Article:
Genital dysphoria occupies my mind all the time now. I keep wanting to believe that, while genital dysphoria sucks, it is something I can grin and bear. That I need surgery, of course, but if I can’t get surgery I can still live my life. I want to believe this, but it’s not true. Genital dysphoria has tortured me my entire life, and as time goes on the pain gets worse. It is not tolerable at all; I’ve only put up with it this long by spacing out. I tune out my feelings and become numb to my body. My coping strategy has been dissociation. The problem with this approach is that, while genital dysphoria is a very localized problem, dissociation is a sledgehammer, not a scalpel. I can’t excise one feeling and keep the rest. I can only flatten my whole affect.
Emotional numbness has destroyed my ability to write. Contrary to popular belief, removing your emotions does not improve your ability to think clearly. Without an emotional component to prioritize and connect ideas, the mind becomes a jumbled mess of factoids divorced from context.
With dysphoria as the driving reason to numb out, my other health problems change from unrelated annoyances to dissociation’s reinforcements. My medical conditions become tools in my dissociation toolbox. The easiest way to make sure I stay numb is to increase physical pain. My dust allergies are the easiest way to stay emotionally numb. If I stop vacuuming, the house irritates my sinuses more and more over the course of several weeks. My sinuses swell and I get really thick postnasal drip. This makes it hard to breathe, especially when I sleep, which weakens my mind and my body.
Conversely, recovering from my dust allergy becomes a therapy session. If I vacuum the dust away, my sinuses stop swelling, and the congestion drains. Emotions flood my body as the sinus pain dissipates. If the emotional pain is bad enough, I get too scared to allow my sinuses to recover. Healing my body is too emotionally painful to bear. I stay sick, and stay numb.
If I’m not in any physical pain, my dissociation runs to PTSD for help. “Maybe a few flashbacks will keep her in line,” it seems to say, “Keep scaring her until one of her chronic health issues flares up again.” This tactic is less effective than it used to be. I’ve spent more than a decade in therapy–both individual and group–and flashbacks don’t have the same sting anymore. That’s when my body pulls out its weapon of mass destruction: Narcolepsy.
When most people think of narcolepsy, they think of fictional characters hilariously falling asleep at the worst possible moment. In Moulin Rouge, a narcoleptic actor falls asleep during rehearsal. How adorable! That’s not how the condition works in reality. Real-world narcolepsy is more Requiem for a Dream than Moulin Rouge. It destroys lives. Narcolepsy sufferers often remain undiagnosed, and every failure that could be directly credited to the disease is instead seen as a personal failure. The narcoleptic is “lazy”, “doesn’t apply themselves”, and would surely be more successful, if only they tried harder. Unknown to the people and institutions that judge them, narcoleptics expend more energy getting out of bed in the morning than most do during a 9-to-5 office job. They try and often fail to keep regular work schedules. No matter how hard one tries, one cannot overcome their own body chemistry through sheer willpower.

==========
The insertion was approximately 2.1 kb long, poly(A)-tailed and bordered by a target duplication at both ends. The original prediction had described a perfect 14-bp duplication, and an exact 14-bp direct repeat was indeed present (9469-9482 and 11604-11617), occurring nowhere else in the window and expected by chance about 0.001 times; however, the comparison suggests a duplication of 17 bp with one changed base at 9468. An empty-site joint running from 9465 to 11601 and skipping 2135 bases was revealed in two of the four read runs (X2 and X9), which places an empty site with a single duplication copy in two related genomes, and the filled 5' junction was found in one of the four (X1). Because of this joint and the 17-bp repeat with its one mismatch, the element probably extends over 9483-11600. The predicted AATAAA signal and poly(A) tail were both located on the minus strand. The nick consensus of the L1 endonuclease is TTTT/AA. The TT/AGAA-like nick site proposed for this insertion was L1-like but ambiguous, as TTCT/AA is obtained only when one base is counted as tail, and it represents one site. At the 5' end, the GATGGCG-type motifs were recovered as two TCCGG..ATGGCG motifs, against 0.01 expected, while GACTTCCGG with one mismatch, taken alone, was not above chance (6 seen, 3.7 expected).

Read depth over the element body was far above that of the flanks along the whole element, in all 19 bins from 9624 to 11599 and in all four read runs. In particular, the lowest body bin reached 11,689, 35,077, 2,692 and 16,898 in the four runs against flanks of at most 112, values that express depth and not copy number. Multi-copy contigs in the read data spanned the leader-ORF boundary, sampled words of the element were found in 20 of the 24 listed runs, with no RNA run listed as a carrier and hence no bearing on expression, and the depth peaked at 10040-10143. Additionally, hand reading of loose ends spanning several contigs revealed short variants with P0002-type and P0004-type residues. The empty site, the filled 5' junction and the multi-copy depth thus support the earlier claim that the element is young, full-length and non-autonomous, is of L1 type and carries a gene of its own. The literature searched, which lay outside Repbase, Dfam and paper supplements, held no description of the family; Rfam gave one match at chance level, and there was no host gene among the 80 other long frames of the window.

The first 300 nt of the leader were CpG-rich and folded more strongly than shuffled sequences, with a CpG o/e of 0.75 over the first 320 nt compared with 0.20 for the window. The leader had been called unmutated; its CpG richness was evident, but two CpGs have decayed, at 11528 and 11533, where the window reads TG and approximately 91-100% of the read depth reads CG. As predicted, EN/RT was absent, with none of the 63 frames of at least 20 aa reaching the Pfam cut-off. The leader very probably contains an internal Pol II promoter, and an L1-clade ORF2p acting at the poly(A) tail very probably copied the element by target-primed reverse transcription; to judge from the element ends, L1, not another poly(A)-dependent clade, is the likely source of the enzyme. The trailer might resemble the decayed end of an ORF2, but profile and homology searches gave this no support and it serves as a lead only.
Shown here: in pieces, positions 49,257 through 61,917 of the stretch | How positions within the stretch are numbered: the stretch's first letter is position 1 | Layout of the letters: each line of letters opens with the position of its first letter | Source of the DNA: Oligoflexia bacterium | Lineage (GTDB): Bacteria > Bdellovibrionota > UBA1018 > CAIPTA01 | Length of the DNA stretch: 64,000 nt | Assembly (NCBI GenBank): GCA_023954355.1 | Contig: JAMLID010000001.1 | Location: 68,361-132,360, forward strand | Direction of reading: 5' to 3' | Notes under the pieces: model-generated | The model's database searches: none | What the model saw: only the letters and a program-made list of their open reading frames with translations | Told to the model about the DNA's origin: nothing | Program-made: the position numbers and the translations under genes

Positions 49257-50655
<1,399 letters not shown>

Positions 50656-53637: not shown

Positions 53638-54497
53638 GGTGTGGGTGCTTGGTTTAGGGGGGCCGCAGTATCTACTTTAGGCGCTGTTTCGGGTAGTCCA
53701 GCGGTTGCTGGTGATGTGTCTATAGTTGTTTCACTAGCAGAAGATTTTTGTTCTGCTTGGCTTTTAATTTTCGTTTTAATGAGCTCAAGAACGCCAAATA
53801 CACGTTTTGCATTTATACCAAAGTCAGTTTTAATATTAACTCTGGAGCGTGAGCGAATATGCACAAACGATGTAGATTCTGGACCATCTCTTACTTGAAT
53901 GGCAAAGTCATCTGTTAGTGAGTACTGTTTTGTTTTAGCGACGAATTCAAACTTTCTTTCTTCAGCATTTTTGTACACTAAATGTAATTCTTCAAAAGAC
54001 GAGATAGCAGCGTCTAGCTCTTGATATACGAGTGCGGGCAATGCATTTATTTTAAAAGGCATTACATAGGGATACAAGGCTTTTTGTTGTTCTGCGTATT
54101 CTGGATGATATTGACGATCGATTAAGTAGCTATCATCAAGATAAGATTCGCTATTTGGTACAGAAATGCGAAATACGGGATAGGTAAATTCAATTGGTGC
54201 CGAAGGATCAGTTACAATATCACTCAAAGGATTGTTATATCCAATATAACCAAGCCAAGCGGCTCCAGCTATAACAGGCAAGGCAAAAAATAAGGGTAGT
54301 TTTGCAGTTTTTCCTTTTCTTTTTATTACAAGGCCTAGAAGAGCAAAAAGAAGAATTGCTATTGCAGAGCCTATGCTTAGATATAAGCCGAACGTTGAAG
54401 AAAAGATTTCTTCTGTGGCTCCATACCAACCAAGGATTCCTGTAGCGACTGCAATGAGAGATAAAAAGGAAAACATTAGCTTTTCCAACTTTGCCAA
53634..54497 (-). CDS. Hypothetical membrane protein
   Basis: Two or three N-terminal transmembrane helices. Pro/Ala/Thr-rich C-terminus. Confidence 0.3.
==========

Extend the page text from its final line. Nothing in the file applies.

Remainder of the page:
Apart from intense daytime sleepiness, narcoleptics also deal with a symptom known as cataplexy. Cataplexy is characterized by sudden muscle weakness brought on by intense emotions, such as anger, fear, or laughter. Depending on what muscles it affects, it can make you drop your coffee or fall over on the sidewalk. Even narcoleptics that don’t have any other medical or psychological problems will avoid emotional situations because of cataplexy. Avoidance works for many people, but in my case, cataplexy means my muscles can turn to jelly at any moment regardless of what I do. Narcolepsy and PTSD have a dangerously symbiotic relationship. All I need to experience cataplexy is a rush of intense emotion, which my PTSD can provide in ample supply. This means that even if I win the fight to get out of bed, my victory can be snatched away at any moment by a panic attack. My dissociative habits love this. It’s a built-in kill switch. If all of dissociation’s other defenses fail, it can use cataplexy to drop me to the ground on command.
This is a battle I can win, but not without help from medical insurance. Now that I live in a state with a Medicaid program that covers sex reassignment surgery, I can I see an end to the war. Victory will come from a two-prong attack: First, I find a medication for my narcolepsy. This is already underway. Second, I get SRS. The only reason I can get surgery covered is pure luck. I happened to move to a state that covers SRS, and that policy change only happened a little over a year ago. Life-saving medical treatment shouldn’t be a lucky break. It should be a given for all of us. If SRS had been available and affordable when I was 18, I never would have had to untangle this whole mess of life-destroying symptoms in the first place.